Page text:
Job 31:10 has in view Job’s wife grinding corn with a hard millstone, the work of a slave, and being overpowered by men sexually.
"His hypothetical adultery would in Hebrew eyes be an offence against her husband, and so another’s adultery with his wife would be a similar offence against him. In Hebrew law adultery always involved a married woman. The marital state of the man was immaterial." [Note: Rowley, p. 200.]
Fundamentally, adultery involves a married man or a married woman (cf. Leviticus 20:10), but in Israel, as well as in Roman society, infidelity by the husband was not commonly viewed as constituting adultery. [Note: See Unger’s Bible Dictionary, 1957 ed., s.v. "Adultery."] Job’s words about adultery (Job 31:9-12) are classic and reveal righteous abhorrence of that sin. Likewise, his statements regarding the importance of treating slaves as human beings (Job 31:13-15) reveal Job’s fear of God and love for his fellowman. He respected human life highly (Job 31:16-23). Job further claimed that he was not an idolater (Job 31:24-28), selfish (Job 31:29-32), or hypocritical (Job 31:33-34).
"Here then is either a very clean conscience or a very calloused one." [Note: Andersen, p. 244.]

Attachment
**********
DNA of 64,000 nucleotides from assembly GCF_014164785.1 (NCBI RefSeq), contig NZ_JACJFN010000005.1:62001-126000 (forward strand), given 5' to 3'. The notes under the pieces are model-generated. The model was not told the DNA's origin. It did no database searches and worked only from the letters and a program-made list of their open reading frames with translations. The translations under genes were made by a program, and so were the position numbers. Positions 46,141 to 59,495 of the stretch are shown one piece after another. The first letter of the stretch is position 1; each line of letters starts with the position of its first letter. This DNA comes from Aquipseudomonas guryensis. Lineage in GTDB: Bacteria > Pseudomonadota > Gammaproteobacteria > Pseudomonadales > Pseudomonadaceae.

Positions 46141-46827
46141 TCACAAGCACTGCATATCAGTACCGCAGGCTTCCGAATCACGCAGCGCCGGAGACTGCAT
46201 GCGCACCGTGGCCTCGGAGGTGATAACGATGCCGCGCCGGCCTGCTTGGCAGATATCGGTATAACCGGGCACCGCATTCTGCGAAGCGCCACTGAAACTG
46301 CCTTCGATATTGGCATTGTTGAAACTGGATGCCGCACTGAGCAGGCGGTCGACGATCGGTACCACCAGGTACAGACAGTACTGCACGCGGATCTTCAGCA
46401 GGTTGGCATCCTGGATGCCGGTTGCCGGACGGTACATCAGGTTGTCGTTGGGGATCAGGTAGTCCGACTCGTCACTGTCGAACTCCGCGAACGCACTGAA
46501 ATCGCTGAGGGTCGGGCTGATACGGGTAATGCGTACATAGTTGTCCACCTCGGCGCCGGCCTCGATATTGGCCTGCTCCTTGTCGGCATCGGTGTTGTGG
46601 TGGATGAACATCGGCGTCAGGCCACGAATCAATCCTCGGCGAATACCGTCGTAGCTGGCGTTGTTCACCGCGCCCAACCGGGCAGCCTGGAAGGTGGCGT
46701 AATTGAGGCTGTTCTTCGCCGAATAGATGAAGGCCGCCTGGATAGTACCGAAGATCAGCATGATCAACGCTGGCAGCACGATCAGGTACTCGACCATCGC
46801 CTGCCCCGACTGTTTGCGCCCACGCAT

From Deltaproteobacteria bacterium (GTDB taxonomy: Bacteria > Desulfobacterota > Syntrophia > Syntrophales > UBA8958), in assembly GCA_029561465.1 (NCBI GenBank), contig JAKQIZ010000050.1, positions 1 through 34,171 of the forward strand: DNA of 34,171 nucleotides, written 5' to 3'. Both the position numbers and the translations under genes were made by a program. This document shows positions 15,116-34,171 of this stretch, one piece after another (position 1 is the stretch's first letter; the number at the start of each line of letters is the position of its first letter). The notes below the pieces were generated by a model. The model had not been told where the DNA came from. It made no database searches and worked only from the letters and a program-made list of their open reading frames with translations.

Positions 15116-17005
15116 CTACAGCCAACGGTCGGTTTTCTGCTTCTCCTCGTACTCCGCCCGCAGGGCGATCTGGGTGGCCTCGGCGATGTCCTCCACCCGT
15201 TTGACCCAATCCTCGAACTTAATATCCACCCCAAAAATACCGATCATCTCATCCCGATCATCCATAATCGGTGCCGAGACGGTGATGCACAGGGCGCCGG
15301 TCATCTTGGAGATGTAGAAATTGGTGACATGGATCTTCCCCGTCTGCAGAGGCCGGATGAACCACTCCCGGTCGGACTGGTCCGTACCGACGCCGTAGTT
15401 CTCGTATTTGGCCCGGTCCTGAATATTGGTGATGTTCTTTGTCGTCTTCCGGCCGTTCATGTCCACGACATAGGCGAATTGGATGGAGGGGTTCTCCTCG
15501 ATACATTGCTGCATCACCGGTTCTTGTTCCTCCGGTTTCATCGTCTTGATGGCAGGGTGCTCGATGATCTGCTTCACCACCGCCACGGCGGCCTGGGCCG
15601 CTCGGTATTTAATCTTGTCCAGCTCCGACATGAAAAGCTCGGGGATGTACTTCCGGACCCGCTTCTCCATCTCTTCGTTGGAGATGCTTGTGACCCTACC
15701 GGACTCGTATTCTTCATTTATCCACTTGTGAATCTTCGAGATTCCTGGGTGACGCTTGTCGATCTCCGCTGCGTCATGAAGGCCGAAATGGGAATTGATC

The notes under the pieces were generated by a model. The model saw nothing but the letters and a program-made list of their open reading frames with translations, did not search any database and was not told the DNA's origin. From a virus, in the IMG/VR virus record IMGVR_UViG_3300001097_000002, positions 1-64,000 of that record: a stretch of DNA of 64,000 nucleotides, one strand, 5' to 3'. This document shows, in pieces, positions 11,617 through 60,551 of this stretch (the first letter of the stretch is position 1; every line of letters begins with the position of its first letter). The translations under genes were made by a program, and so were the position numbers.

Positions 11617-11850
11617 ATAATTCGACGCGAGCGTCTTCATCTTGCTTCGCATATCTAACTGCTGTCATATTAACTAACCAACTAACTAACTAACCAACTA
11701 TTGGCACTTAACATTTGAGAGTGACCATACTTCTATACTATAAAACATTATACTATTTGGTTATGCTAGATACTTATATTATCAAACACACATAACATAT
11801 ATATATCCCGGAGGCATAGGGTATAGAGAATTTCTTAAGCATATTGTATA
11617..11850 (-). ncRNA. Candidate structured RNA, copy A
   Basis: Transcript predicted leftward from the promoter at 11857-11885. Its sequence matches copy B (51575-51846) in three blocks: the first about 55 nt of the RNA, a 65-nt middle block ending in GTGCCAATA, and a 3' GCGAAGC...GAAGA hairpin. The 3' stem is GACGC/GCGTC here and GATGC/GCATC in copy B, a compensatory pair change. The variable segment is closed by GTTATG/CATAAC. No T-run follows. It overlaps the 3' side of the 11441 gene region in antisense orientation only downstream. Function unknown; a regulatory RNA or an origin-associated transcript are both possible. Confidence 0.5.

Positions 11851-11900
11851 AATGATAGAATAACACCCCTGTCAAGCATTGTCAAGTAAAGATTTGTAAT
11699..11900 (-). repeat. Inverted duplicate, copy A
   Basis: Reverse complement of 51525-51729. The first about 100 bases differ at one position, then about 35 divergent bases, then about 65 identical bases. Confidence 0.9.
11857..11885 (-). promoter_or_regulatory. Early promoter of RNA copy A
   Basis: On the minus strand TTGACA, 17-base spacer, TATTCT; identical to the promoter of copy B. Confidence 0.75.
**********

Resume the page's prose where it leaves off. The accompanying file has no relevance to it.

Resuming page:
Job’s cry for a hearer of his claims (Job 31:35) probably implied God rather than the mediator he had requested earlier (Job 16:19; Job 19:25; cf. Job 30:20).
"An examination of biblical and extra-biblical legal documents establishes Job 31:35 as a dependent’s official appeal before a third party for a civil hearing at which the judge would compel the plaintiff to formalize his accusations and to present any supporting evidence. As we shall see, this request was ordinarily made only after all attempts at informal arbitration had been exhausted and was often accompanied by a sworn statement of innocence. In Job 31 the oath of innocence has been expanded to embrace the entire chapter." [Note: Dick, p. 38.]
His "adversary" in this verse was also God (cf. Job 13:24; Job 16:9; Job 19:11). We should probably understand "owners" (Job 31:39) as "workers."
Having ended his final summation in defense of his innocence, Job rested his case and waited for God’s verdict. This is another climax in the book. Job had claimed innocence in his personal life (Job 31:1-12), toward his neighbor (Job 31:13-20), and toward God (Job 31:24-34; cf. Job 1:11). Job’s friends believed that God always punishes sin, therefore Job was a sinner. Job believed that God was punishing him when he was innocent, therefore God was unfair.
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Constable, Thomas. DD. "Commentary on Job 31". "Expository Notes of Dr. Thomas Constable". https://www.studylight.org/